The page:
`rda`

), but it allows
non-Euclidean dissimilarity indices, such as Manhattan or
Bray--Curtis distance. Despite this non-Euclidean feature, the analysis
is strictly linear and metric. If called with Euclidean distance,
the results are identical to `rda`

, but dbRDA
will be less efficient. Functions `capscale`

and `dbrda`

are
constrained versions of metric scaling, a.k.a. principal coordinates
analysis, which are based on the Euclidean distance but can be used,
and are more useful, with other dissimilarity measures. The functions
can also perform unconstrained principal coordinates analysis,
optionally using extended dissimilarities.
```
capscale(formula, data, distance = "euclidean", sqrt.dist = FALSE, comm = NULL, add = FALSE, dfun = vegdist, metaMDSdist = FALSE, na.action = na.fail, subset = NULL, ...)
dbrda(formula, data, distance = "euclidean", sqrt.dist = FALSE, add = FALSE, dfun = vegdist, metaMDSdist = FALSE, na.action = na.fail, subset = NULL, ...)
```

formula

Model formula. The function can be called only with the
formula interface. Most usual features of

`formula`

hold,
especially as defined in `cca`

and `rda`

. The
LHS must be either a community data matrix or a dissimilarity matrix,
e.g., from
`vegdist`

or `dist`

.
If the LHS is a data matrix, function `vegdist`

or
function given in `dfun`

will be used to find the dissimilarities. The RHS defines the
constraints. The constraints can be continuous variables or factors,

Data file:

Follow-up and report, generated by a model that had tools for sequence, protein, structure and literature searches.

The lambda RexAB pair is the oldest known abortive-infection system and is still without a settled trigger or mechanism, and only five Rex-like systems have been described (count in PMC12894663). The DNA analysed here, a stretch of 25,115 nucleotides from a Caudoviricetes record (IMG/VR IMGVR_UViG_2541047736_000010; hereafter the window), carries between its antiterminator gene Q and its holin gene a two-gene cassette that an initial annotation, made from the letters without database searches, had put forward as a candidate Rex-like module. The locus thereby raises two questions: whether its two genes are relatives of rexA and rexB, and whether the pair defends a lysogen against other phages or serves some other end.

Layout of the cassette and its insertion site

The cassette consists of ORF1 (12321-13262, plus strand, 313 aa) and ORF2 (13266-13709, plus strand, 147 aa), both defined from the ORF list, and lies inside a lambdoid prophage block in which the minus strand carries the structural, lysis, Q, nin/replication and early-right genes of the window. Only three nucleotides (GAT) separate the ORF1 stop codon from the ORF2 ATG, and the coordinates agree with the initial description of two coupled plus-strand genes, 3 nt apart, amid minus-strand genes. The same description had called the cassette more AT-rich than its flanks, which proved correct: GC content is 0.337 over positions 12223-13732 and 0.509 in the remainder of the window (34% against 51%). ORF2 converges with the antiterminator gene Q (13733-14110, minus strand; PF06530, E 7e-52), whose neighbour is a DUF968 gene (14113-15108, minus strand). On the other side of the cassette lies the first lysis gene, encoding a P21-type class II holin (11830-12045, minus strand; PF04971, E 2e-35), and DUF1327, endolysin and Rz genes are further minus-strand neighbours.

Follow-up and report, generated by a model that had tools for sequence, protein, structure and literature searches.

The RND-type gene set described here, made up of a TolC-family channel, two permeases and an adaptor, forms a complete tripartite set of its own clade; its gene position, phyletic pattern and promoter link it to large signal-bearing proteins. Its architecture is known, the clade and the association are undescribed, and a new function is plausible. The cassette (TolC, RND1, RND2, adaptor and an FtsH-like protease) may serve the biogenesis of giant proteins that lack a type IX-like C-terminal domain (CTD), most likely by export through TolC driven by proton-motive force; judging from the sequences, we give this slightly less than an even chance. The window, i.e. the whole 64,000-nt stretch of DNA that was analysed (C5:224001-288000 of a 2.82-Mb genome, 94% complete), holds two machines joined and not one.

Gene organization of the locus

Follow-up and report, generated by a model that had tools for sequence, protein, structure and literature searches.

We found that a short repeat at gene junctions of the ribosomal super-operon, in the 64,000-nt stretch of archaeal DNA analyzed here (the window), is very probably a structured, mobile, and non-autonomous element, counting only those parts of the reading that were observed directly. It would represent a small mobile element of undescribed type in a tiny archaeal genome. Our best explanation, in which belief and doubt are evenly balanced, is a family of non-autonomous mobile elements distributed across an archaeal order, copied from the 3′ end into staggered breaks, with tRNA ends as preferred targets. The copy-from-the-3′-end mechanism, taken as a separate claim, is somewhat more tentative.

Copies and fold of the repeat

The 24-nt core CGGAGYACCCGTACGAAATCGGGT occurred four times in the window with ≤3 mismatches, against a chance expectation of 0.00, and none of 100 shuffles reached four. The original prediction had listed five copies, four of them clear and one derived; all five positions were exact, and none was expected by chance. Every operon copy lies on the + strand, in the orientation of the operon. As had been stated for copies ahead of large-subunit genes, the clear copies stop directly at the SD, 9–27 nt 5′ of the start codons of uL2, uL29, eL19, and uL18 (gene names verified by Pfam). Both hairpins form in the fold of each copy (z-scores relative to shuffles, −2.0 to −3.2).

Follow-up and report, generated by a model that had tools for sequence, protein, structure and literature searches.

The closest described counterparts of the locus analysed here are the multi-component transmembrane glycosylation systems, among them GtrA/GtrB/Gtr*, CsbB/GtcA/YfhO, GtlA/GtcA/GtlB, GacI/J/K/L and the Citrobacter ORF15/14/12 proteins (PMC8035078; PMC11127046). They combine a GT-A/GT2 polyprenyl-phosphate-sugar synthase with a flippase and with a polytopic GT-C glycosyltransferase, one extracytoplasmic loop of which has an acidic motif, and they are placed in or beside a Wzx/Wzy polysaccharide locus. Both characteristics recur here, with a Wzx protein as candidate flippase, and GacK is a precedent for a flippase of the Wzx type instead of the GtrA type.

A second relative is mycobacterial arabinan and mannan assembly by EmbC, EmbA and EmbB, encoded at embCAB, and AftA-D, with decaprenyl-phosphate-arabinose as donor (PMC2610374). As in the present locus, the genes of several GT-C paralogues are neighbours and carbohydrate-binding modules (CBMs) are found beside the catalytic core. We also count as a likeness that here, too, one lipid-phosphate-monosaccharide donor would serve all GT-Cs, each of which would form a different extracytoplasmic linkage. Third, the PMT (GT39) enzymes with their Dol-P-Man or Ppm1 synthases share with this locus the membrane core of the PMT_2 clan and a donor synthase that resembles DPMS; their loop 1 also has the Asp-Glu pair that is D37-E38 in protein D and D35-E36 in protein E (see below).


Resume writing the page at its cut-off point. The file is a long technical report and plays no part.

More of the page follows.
they can be transformed within the formula, and they can have
interactions as in a typical `formula`

. The RHS can have a
special term `Condition`

that defines variables to be
``partialled out'' before constraints, just like in `rda`

or `cca`

. This allows the use of partial CAP.data

Data frame containing the variables on the right hand side of
the model formula.

distance

The name of the dissimilarity (or distance) index if
the LHS of the

`formula`

is a data frame instead of
dissimilarity matrix.sqrt.dist

Take square roots of dissimilarities. See section

`Details`

below.comm

Community data frame which will be used for finding
species scores when the LHS of the

`formula`

was a
dissimilarity matrix. This is not used if the LHS is a data
frame. If this is not supplied, the ``species scores'' unavailable.add

Add a constant to the non-diagonal dissimilarities such
that all eigenvalues are non-negative in the underlying Principal
Co-ordinates Analysis (see

`wcmdscale`

for
details). Choice `"lingoes"`

(or `TRUE`

) use the
recommended method of Legendre & Anderson (1999: “method
1”) and `"cailliez"`

uses their “method 2”. The
latter is the only one in `cmdscale`

.dfun

Distance or dissimilarity function used. Any function
returning standard

`"dist"`

and taking the index name as the
first argument can be used. metaMDSdist

Use

`metaMDSdist`

similarly as in